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National League West: TBD

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Giants shutout Padres, whittling magic number to win division down to one.

San Diego Padres v San Francisco Giants Photo by Lachlan Cunningham/Getty Images

Brandon Crawford charged an easy hopper, fielded it cleanly and threw out Ha-Seong Kim at first to record the final out of the San Francisco Giants 3-0 victory over the San Diego Padres.

It was their franchise record-tying 106th win of the season, their 18th shutout of the year, and yet, at the time the 27th out was logged, the Giants had still not clinched the National League West.

The Los Angeles Dodgers were beating the Milwaukee Brewers 6-5 in the 7th when the game wrapped in San Francisco. There were runners on base. Maybe one out. If the Dodgers ended up losing their game, the Giants would win the division.

The media techs at Oracle threw the game in Los Angeles up on the big screen, but the San Francisco players and coaching staff didn’t stick around to watch. They had exchanged their high-fives and walked out of the dugout to the clubhouse—their work was done. This game was won and there was no use fretting over what they could not control.

Now I’d put money that the LA game was on in the clubhouse as the team chowed down on their post-game clam chowder bread bowls from Boudin (I’m assuming), but the message Kapler and his team sent when they stoically left the field was clear: The Dodgers can do what they want. They can come back from twenty five runs in the bottom of the 9th and win tonight and do it again on Saturday and do it again-again on Sunday—none of it matters if the Giants keep winning.

A single San Francisco win, or Dodger loss, in the final two games will clinch the National League West for the Giants.

It’s a nice position to be in. It’s comfortable and familiar...but maybe too familiar?

The 2020 season ended with a home series against the Padres in which the Giants needed to win just one more game to secure a spot in the expanded postseason.

Trent Grisham’s walk-off home run in San Francisco about sums up how that weekend went.

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Friendly reminder: The 2021 San Francisco Giants are a lot better than the 2020 San Francisco Giants. The 2021-post-August-what-happened-to-those-guys-San Diego Padres are playing a lot worse than the 2020 San Diego Padres.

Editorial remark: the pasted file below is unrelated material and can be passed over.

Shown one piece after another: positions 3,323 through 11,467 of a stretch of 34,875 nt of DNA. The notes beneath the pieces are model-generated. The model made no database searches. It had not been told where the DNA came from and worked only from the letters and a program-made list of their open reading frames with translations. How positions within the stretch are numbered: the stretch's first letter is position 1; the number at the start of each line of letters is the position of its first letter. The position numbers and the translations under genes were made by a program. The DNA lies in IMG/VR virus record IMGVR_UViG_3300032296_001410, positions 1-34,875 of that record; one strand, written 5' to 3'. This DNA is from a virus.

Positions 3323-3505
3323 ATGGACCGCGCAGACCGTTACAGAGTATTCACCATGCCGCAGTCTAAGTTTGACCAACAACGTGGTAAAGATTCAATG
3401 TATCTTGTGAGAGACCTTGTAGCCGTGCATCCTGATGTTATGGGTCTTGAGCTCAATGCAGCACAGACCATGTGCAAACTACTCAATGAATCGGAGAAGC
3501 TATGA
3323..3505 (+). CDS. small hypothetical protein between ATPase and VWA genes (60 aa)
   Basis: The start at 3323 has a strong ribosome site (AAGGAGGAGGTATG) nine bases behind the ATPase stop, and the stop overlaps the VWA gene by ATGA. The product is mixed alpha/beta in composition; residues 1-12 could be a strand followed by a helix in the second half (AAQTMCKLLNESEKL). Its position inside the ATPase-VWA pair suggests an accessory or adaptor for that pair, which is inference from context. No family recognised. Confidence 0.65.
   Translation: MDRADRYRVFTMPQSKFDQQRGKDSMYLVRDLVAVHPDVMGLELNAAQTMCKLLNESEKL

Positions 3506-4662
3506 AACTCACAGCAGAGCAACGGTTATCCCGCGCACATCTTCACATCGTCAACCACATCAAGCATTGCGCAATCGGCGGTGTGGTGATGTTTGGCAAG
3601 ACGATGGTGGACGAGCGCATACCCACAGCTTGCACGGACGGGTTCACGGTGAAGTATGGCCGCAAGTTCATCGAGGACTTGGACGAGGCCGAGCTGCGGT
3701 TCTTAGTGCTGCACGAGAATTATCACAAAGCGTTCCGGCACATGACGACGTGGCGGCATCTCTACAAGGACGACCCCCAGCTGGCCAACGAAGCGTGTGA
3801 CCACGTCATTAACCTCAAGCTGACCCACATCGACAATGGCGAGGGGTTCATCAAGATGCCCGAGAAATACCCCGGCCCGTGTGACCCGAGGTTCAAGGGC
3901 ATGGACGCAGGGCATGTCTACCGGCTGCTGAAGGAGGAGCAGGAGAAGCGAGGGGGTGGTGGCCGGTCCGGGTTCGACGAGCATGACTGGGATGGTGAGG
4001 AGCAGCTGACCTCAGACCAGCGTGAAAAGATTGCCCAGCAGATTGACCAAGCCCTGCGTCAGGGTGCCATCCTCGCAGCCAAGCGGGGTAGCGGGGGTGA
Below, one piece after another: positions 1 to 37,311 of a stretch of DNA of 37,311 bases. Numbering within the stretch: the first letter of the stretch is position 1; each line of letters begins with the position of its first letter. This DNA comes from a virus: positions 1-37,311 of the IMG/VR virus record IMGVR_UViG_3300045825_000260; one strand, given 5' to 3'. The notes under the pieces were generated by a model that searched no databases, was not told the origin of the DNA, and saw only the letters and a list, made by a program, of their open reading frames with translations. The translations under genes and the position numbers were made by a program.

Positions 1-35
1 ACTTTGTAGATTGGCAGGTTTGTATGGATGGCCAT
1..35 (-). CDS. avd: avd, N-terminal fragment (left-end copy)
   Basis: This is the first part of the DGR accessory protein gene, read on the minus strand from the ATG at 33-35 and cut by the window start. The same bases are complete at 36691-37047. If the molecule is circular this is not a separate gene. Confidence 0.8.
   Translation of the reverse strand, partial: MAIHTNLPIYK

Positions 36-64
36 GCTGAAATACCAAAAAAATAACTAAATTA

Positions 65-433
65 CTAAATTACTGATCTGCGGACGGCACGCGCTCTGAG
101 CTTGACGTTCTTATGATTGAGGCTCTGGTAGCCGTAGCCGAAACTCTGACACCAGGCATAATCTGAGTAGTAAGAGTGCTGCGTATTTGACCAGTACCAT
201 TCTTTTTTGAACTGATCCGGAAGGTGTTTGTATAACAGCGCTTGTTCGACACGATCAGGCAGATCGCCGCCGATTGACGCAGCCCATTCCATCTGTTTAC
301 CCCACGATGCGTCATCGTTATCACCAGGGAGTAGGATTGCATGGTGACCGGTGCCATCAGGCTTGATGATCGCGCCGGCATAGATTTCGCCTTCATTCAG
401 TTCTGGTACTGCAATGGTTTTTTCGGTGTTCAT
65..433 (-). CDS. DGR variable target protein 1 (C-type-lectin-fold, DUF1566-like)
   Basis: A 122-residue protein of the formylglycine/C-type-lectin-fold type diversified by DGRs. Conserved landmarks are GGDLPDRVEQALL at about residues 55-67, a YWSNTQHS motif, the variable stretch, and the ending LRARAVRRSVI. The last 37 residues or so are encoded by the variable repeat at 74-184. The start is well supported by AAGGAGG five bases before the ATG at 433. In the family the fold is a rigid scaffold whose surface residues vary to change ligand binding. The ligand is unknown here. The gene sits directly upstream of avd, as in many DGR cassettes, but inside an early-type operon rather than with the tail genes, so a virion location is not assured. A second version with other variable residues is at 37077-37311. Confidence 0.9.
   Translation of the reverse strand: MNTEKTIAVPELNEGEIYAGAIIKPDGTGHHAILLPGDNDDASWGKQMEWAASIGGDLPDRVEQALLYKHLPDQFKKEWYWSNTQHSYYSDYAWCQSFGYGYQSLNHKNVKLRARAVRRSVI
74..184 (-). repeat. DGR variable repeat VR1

That doesn’t mean the division is in the bag. It just means...well, I don’t really know other than I feel a lot better about things this year than last, especially after the Giants performance on Friday night.

It wasn’t an emphatic offensive showcase, but their victory still felt like a statement. It was a confident mix of power, putting the ball in play, and no shenanigans pitching.

In short: Good baseball.

Anthony DeSclafani continued to throw the ball well, putting together five innings of shutout baseball. His ERA in his past seven starts is 2.83.

The bullpen maintained the shutout, divvying up five hits over the last four innings without issuing a walk. Rookie Camilo Doval bagged another save, striking out both Jake Marisnick and Wil Myers with his diving slider before getting Kim to ground out to short.

The Giants offense got started with a Darin Ruf homer in the first.

Mike Yastrzemski followed with a two-out check-swing single to left to score Brandon Crawford, making it 2-0.

They scratched out another run in the sixth with a lead-off double from Donovan Solano, who advanced to third on a ground-out by Tommy La Stella and scored on a sacrifice fly by LaMonte Wade Jr.

It was those kind of situational at-bats from La Stella and Wade that the Giants had struggled with all year. Or, struggle isn’t the right word—they just haven’t cared to change their approach at the plate in those types of scenarios.

But in the play-off adjacent atmosphere of Friday night, the Giants again showed they could work in insurance run if they needed to in a close game.

It’ll be good practice for the postseason.

And...the final out of the Dodgers game just landed in Max Muncy’s glove.

Dodgers win, Giants win. What’s new?